Background information
An introduction (start here)
Is it a Maccaferri?
Or is it a Selmer?
The Internal Resonator
About Mario Maccaferri 
in English
in French
Selmer Primer
About François Charle
The Selmer Maccaferri book
Manouche-Tone Strings


the rest of the site
Paul Hostetter, luthier
Back to the main page

Email: click here


Here is a quick primer on Selmer guitars

Whether you're interested in a new Selmer-style guitar or just curious about the old Selmers and that family of guitars, until you get yourself a copy of François Charle's wonderful book on Selmer guitars, this will be a help in sorting out some basic details. A few more may be found by going through the links at left here.

From the beginning in l932, Selmer offered five basic models:

The model "Espagnol," a true Spanish-style guitar having a smaller body with a flat top, a conventional glued-on bridge for gut strings and a round soundhole.

The "Concert" model, featuring the larger standard "Maccaferri" body design with a flat, fan-braced top, was offered with a larger D-shaped soundhole, a glued-on bridge for tied gut strings and an optional cutaway.

The "Jazz" model, designed for steel strings, came with a tailpiece, a floating bridge centered between two "moustaches," and a standard cutaway. The 12-fret model with a D-shaped soundhole was redesigned in 1934 with 14 frets clear of the body and a smaller oval soundhole.

The "Hawaïenne" model was a steel-string made for lap-style playing, essentially a non-cutaway version of the "Jazz" model except for a thicker, wider neck, a raised nut and an optional seventh string.

Finally, the "Orchestre" model, a less precisely defined steel-string offered with either a round or D-shaped soundhole, full body or cutaway, four or six strings. Selmer sold many custom variations through its dealers and the "Orchestre" designation encompassed them all.

Selmer's four-string guitars, made mostly for its London dealer, were built on either a small body or on the standard cutaway "Jazz" body. The little ones were "ténor" guitars, with shorter scales intended for tuning in fifths like a tenor banjo, while the larger ones known either as modèle "Orchestre" or, in one variation, the "guitare Eddie Freeman," in honor of an active jazz guitarist living in England. The Freemans were intended to be tuned in Freeman's own unusual reëntrant tuning. Selmer also produced a few large-body plectrum guitars with a more conventional long neck, intended for the more customary plectrum tuning.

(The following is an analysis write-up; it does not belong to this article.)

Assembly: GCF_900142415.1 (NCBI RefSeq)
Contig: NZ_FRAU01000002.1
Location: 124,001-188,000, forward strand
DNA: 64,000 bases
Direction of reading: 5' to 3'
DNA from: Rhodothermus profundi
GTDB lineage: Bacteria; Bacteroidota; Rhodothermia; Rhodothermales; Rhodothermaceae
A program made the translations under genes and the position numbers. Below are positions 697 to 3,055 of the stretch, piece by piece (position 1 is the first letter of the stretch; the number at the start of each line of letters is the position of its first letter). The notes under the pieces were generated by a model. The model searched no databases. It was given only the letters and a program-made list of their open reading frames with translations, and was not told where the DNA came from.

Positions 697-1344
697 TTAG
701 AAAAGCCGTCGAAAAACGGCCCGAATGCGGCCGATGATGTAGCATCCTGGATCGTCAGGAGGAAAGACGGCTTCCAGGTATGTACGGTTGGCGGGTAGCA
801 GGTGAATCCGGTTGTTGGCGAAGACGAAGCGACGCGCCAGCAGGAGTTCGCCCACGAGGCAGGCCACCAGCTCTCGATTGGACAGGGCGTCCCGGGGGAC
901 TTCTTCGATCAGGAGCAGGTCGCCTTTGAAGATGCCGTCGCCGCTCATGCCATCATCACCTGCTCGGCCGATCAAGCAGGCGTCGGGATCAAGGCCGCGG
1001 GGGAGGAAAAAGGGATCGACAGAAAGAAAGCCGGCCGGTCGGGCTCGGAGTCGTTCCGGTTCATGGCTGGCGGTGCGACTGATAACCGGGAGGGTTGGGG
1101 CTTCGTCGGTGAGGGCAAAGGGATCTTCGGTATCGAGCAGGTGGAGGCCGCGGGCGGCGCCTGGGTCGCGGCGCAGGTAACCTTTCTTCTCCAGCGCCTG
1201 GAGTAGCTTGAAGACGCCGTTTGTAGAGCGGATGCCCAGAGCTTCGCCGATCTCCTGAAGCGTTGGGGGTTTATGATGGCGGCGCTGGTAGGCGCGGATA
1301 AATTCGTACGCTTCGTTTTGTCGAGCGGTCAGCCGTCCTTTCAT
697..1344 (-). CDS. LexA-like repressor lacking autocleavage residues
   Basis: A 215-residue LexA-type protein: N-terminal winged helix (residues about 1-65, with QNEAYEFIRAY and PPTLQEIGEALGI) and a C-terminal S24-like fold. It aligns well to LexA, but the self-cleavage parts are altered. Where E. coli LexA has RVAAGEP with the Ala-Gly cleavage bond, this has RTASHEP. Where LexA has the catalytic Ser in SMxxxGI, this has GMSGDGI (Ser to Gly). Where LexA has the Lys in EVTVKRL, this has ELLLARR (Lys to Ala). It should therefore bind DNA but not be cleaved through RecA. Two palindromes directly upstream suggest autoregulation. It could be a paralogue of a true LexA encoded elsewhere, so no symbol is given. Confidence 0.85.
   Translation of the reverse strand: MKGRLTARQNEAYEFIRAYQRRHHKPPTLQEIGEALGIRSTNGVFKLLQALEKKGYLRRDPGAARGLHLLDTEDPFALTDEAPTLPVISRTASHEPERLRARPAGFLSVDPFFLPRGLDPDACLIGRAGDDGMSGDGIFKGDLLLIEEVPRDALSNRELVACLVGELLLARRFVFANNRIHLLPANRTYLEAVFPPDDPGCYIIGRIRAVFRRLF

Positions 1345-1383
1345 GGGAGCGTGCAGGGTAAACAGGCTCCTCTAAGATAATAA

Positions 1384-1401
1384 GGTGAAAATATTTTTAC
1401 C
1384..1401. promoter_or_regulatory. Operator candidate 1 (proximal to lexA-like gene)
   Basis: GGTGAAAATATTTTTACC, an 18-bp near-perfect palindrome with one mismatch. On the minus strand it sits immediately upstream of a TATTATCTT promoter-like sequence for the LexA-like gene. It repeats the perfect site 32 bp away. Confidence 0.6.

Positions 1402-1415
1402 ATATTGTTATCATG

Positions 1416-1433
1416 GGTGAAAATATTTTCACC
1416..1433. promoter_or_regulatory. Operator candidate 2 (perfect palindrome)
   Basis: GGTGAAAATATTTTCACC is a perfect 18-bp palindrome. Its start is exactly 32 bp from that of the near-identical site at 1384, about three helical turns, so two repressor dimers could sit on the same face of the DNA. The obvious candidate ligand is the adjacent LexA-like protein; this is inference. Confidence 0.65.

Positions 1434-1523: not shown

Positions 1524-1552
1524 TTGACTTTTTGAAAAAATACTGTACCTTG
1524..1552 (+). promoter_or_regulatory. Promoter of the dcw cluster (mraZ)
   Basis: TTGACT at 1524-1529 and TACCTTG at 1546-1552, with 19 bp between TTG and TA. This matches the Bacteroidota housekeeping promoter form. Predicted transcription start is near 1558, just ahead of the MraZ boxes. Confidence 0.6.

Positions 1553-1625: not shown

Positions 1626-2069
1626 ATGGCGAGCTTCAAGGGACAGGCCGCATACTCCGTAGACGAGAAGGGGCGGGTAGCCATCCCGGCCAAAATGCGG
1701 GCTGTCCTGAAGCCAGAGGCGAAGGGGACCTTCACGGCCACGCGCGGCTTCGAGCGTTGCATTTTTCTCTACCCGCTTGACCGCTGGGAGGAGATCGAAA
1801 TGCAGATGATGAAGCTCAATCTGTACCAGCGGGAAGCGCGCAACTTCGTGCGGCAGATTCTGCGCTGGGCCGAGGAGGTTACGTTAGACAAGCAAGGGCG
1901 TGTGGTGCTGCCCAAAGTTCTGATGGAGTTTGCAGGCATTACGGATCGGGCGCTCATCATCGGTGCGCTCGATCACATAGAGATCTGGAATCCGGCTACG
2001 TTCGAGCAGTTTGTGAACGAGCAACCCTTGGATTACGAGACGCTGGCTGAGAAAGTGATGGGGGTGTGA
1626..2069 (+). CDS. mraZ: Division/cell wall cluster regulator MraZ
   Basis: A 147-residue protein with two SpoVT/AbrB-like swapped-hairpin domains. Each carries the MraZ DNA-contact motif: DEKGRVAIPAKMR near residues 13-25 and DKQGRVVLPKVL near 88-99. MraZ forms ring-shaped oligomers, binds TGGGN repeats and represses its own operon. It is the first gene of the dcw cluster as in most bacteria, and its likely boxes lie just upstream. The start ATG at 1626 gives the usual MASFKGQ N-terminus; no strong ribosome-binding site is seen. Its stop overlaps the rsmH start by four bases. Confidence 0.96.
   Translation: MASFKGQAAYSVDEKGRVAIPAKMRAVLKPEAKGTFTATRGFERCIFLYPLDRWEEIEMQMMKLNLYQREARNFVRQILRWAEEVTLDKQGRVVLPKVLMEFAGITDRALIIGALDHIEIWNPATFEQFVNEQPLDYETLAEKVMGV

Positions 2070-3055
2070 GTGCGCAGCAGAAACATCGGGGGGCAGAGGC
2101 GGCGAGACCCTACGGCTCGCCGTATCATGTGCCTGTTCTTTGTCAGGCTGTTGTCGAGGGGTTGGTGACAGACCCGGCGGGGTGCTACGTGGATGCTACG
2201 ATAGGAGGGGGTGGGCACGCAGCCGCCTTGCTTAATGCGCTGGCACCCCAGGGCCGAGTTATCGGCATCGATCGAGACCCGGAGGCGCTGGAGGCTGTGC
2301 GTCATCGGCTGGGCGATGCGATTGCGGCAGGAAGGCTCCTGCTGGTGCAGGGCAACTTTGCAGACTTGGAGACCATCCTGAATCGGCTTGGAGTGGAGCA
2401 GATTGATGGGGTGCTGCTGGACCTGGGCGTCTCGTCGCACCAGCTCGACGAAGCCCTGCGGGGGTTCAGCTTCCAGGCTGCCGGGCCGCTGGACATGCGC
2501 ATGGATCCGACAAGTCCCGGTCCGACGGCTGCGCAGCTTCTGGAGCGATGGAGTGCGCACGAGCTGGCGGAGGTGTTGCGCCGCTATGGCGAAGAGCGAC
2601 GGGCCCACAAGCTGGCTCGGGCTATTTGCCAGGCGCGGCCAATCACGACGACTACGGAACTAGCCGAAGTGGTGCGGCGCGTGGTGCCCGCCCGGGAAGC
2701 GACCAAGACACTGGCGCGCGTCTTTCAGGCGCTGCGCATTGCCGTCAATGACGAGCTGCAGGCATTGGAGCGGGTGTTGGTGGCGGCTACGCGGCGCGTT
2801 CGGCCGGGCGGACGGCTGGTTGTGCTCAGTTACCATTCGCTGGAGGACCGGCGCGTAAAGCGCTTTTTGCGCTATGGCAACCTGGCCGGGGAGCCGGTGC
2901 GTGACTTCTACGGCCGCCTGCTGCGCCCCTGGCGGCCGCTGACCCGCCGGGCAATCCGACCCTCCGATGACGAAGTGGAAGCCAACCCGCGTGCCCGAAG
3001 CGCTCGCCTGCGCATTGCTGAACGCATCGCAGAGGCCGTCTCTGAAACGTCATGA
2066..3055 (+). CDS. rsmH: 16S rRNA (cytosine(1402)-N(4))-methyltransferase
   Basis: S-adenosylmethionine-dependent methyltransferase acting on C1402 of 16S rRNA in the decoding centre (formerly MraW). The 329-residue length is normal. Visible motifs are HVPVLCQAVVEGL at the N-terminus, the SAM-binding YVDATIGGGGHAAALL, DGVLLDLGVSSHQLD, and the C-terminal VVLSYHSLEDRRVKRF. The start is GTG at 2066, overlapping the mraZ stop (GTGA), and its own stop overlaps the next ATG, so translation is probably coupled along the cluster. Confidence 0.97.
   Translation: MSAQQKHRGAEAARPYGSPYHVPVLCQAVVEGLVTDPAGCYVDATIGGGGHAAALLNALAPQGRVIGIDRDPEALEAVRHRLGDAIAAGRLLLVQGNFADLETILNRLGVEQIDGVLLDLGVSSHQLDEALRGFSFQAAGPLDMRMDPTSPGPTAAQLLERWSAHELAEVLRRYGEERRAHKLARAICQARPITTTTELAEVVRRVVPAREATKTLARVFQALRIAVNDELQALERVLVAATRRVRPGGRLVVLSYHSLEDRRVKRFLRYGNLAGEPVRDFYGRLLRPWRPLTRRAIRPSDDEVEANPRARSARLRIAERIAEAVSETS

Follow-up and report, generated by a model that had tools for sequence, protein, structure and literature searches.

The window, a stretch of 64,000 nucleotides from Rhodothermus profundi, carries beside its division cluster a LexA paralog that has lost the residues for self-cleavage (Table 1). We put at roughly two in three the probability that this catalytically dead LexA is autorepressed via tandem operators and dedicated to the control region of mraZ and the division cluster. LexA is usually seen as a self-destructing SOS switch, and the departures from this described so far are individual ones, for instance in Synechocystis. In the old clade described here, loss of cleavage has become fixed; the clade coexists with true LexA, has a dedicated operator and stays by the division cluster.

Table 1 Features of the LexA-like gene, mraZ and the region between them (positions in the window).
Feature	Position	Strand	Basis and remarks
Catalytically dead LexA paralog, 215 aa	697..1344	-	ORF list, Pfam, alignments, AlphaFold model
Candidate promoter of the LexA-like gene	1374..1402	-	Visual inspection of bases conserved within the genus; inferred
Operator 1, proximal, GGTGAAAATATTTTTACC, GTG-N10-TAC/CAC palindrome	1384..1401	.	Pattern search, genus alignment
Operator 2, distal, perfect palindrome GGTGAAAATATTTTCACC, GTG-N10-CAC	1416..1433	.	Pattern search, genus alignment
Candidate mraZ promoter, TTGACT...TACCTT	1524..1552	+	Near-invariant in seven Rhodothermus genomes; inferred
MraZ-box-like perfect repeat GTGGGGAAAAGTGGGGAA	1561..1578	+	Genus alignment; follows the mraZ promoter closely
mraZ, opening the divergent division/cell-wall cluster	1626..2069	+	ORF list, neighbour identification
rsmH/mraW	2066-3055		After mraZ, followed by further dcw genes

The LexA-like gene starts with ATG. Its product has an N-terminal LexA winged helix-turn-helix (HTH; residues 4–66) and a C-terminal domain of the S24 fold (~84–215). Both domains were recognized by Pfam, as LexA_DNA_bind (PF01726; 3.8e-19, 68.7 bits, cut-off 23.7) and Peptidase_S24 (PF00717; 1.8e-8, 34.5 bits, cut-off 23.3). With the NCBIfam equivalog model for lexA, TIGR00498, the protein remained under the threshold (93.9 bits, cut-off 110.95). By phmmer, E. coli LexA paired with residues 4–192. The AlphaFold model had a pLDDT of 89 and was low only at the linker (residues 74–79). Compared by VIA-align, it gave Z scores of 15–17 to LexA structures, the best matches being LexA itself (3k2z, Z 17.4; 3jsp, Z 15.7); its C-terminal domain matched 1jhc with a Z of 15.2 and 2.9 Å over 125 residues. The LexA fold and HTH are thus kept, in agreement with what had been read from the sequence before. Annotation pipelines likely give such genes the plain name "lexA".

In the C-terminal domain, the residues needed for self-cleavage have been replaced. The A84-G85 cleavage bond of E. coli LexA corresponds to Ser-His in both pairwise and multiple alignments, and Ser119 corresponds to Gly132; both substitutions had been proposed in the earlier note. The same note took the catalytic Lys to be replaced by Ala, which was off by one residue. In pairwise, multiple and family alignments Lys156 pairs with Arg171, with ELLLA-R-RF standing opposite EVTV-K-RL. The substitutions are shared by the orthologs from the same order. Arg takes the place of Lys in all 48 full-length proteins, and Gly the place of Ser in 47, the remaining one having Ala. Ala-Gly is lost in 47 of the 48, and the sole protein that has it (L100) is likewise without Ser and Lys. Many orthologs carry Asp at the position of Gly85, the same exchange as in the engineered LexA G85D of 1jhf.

The D-hole models of 1932-33 were designed to contain Maccaferri's patented Internal Resonator, which comprised a sort of second wooden soundbox built inside the regular body.
The "modèle Jazz," destined to become Django Reinhardt's preferred guitar to the end of his career, was introduced around the middle of l934, after Mario Maccaferri's association with Selmer had ended. It had a small vertical oval soundhole and somewhat different internal bracing. Almost as importantly, it deliberately had no internal resonator.

    On 25 September l952, Selmer sold its stock of wood, parts, patterns, molds, machinery and its last instruments to the Paris luthier, Jean Beuscher. During the entire existence of the Selmer guitar atelier, less than a thousand guitars were manufactured.

If you want the full story, read François Charle's book.


François Charle, the noted luthier, collector and dealer in Paris, wrote and published the definitive book on Selmer and Maccaferri guitars. Work on this labor of love began in earnest a decade before it finally appeared in print in 1999. In the process of preparing this work, he documented hundreds of the surviving Selmer guitars, traveling all over Europe to do interviews and take photos. In this effort, he enjoyed the support and cooperation of myriad other collectors, experts, and musicians around the world. The book was released in 1999.  Both its French and English hardback editions sold out quickly, but it remains available in paperback.

Working plans for a Selmer, anyone? Click here.

To find out more about François Charle, v

Do you own a Selmer guitar? 
François Charle is archiving a complete database on Selmer guitars 
and has over 500 in his list already.
Please contact him about it, if you haven't already.
All references kept strictly confidential.

Drop me a line  click here


This page © 2002 - 2018  Paul Hostetter. All rights reserved.